Determined and relentless effort brought a huge victory in May. Walmart, the third-largest retailer in Brazil, announced a commitment to eliminating eggs from caged hens in all stores in the country. The announcement followed more than two years of Mercy For Animals negotiations and campaigning.
In the United States, our celebrity-packed ad calling on McDonald’s to end the worst abuse for chickens aired around Chicago and made a splash on social media. And after just 24 hours of coalition action, Hilton Hotels issued a global policy banning eggs from caged hens. This progress, and much more, made May an impactful month.
We produced a compelling advertisement calling on McDonald’s to show some mercy by ending the extreme cruelty inflicted on chickens in its supply chain.
Twenty-five celebrities lent their voices to the video, including James Cromwell, Emily Deschanel, Alison Pill, Kimberly Elise, Matt Lauria, Daisy Fuentes, Andrew Keegan, Emma Kenney, John Salley, Joanna Krupa, and Moby. The ad aired on TV stations around Chicago and gained traction on social media. Several celebrities reposted the video, racking up more than half a million views among them.
Mercy For Animals also partnered with The Humane League and Animal Equality to coordinate a week of actions against McDonald’s.
We delivered two 12-foot-high inflatable chickens and our abused chicken mascot “Abby” to join demonstrations outside the company’s Chicago headquarters. The coalition ran full-page ads in the Chicago Tribune, the Dallas Morning News, and Crain’s.
Another demonstration caught the attention of McDonald’s shareholders gathering for their annual meeting in Dallas.
Mercy For Animals supporters kept up the pressure online. Daily action alerts to our Hen Heroes prompted a tweetstorm along with Facebook and Instagram comments on McDonald’s posts. Attendees of our digital action party left phone messages for McDonald’s executives and added to the barrage on social media.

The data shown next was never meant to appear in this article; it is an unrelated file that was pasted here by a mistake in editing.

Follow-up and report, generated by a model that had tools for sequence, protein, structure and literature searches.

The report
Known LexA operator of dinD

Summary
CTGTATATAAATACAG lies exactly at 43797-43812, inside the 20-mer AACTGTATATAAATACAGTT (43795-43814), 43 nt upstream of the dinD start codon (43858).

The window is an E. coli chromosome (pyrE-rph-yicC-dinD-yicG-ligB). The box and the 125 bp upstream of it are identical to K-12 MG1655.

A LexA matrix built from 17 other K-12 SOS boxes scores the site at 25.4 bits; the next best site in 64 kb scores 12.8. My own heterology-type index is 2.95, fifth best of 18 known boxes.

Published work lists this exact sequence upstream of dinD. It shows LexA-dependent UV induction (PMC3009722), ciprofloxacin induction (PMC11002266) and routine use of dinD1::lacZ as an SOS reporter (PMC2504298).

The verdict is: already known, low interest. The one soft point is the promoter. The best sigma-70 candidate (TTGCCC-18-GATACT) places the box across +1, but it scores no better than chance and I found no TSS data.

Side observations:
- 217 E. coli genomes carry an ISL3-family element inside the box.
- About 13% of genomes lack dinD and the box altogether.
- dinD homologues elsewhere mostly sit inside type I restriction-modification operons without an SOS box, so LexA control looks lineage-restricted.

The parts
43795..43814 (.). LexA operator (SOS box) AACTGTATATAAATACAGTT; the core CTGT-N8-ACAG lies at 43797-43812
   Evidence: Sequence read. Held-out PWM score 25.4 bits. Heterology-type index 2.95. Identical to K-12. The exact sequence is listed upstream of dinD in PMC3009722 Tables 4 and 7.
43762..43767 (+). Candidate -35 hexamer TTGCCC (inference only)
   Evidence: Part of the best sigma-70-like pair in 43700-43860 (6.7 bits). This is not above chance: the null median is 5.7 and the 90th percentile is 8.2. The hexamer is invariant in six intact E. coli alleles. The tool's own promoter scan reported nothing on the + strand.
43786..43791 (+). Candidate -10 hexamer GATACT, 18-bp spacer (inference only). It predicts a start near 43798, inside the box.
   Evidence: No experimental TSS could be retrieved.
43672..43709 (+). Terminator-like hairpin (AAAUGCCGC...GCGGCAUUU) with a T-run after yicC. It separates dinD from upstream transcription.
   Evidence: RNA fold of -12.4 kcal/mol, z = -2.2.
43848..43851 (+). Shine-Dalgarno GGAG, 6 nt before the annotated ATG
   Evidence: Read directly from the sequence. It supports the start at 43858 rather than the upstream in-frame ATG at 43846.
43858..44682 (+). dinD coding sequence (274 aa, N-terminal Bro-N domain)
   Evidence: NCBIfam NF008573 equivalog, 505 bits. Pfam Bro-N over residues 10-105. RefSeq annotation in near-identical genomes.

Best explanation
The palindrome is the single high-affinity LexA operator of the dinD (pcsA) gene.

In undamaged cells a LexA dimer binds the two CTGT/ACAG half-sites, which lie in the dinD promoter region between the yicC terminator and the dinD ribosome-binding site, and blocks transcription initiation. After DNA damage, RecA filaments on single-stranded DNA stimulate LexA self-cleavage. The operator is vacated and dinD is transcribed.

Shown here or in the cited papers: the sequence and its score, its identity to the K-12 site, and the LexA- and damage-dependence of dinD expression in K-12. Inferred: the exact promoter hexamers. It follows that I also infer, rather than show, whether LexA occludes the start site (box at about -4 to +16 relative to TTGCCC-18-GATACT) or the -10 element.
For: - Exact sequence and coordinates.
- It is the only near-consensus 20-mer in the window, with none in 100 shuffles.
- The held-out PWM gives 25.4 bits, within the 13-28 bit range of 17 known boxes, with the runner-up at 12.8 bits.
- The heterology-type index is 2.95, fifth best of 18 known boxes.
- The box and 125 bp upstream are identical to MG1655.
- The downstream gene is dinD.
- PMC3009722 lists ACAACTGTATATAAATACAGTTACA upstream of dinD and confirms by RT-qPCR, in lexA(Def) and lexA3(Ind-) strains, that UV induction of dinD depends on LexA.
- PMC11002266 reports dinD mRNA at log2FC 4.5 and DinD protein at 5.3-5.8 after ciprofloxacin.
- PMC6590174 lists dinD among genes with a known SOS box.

As a partner organization in the Open Wing Alliance, Mercy For Animals helped persuade the Hilton hotel chain to commit to a global cage-free policy.
After conversations with Mercy For Animals, Chairman’s Brands, parent company of some of Canada’s best-known restaurants, committed to a chicken welfare policy covering all of its brands across more than 440 locations.
M. Dias Branco, the largest baked goods and pasta manufacturer in Brazil, has committed to going cage-free by 2025 after an eight-day Mercy For Animals campaign and discussions with several organizations. Once implemented, this change will reduce suffering for nearly 5 million hens.
Our team in Brazil, along with a partner organization, swayed chain Mr. Baker to go cage-free by the end of this year. The company has five stores in Brazil.
On May 13, billboards near Walmart Brazil’s headquarters in Barueri turned heads with graphic images showing the suffering of hens at the company’s supplier farms. The same day, poster ads calling out Walmart lined Paulista Avenue in São Paulo. Just one week later, the company announced a commitment to eliminating eggs from caged hens in all Walmart stores in Brazil.
The Mercy For Animals ad campaign in May represents the tipping point of a hard-fought initiative. Two years of organized action—and the support of all of you—led to this point.
After launching the effort in 2016, Mercy For Animals activists in Brazil hosted more than 13 demonstrations; delivered 130,000 petition signatures; coordinated huge tweetstorms; ran other billboards in strategic locations; and organized online actions centered on popular events like the World Cup and Big Brother, Brazil’s hit TV reality competition.
The impact for hens will be widespread and enormous. Walmart is the third-largest retailer in the country, operating 471 stores across 18 states. We estimate that as many as 2.8 million birds will be impacted each year once the policy is implemented.
We believe that the world’s mightiest institutions will heed the call to reform when it comes from powerful and interconnected communities. That’s why our supporters are so important. And in May, Mercy For Animals activists hosted 74 actions!
The lower the demand for meat, dairy, and eggs, the fewer animals will be born into misery at factory farms. Mercy For Animals works to decrease demand by partnering with major institutions in Mexico and Brazil, such as schools and local governments, to reduce meat, dairy, and eggs served by at least 20 percent.
Through investigations and public engagement, Mercy For Animals opens eyes and hearts to the suffering farmed animals endure. Our videos, websites, and print resources empower people to join our mighty movement.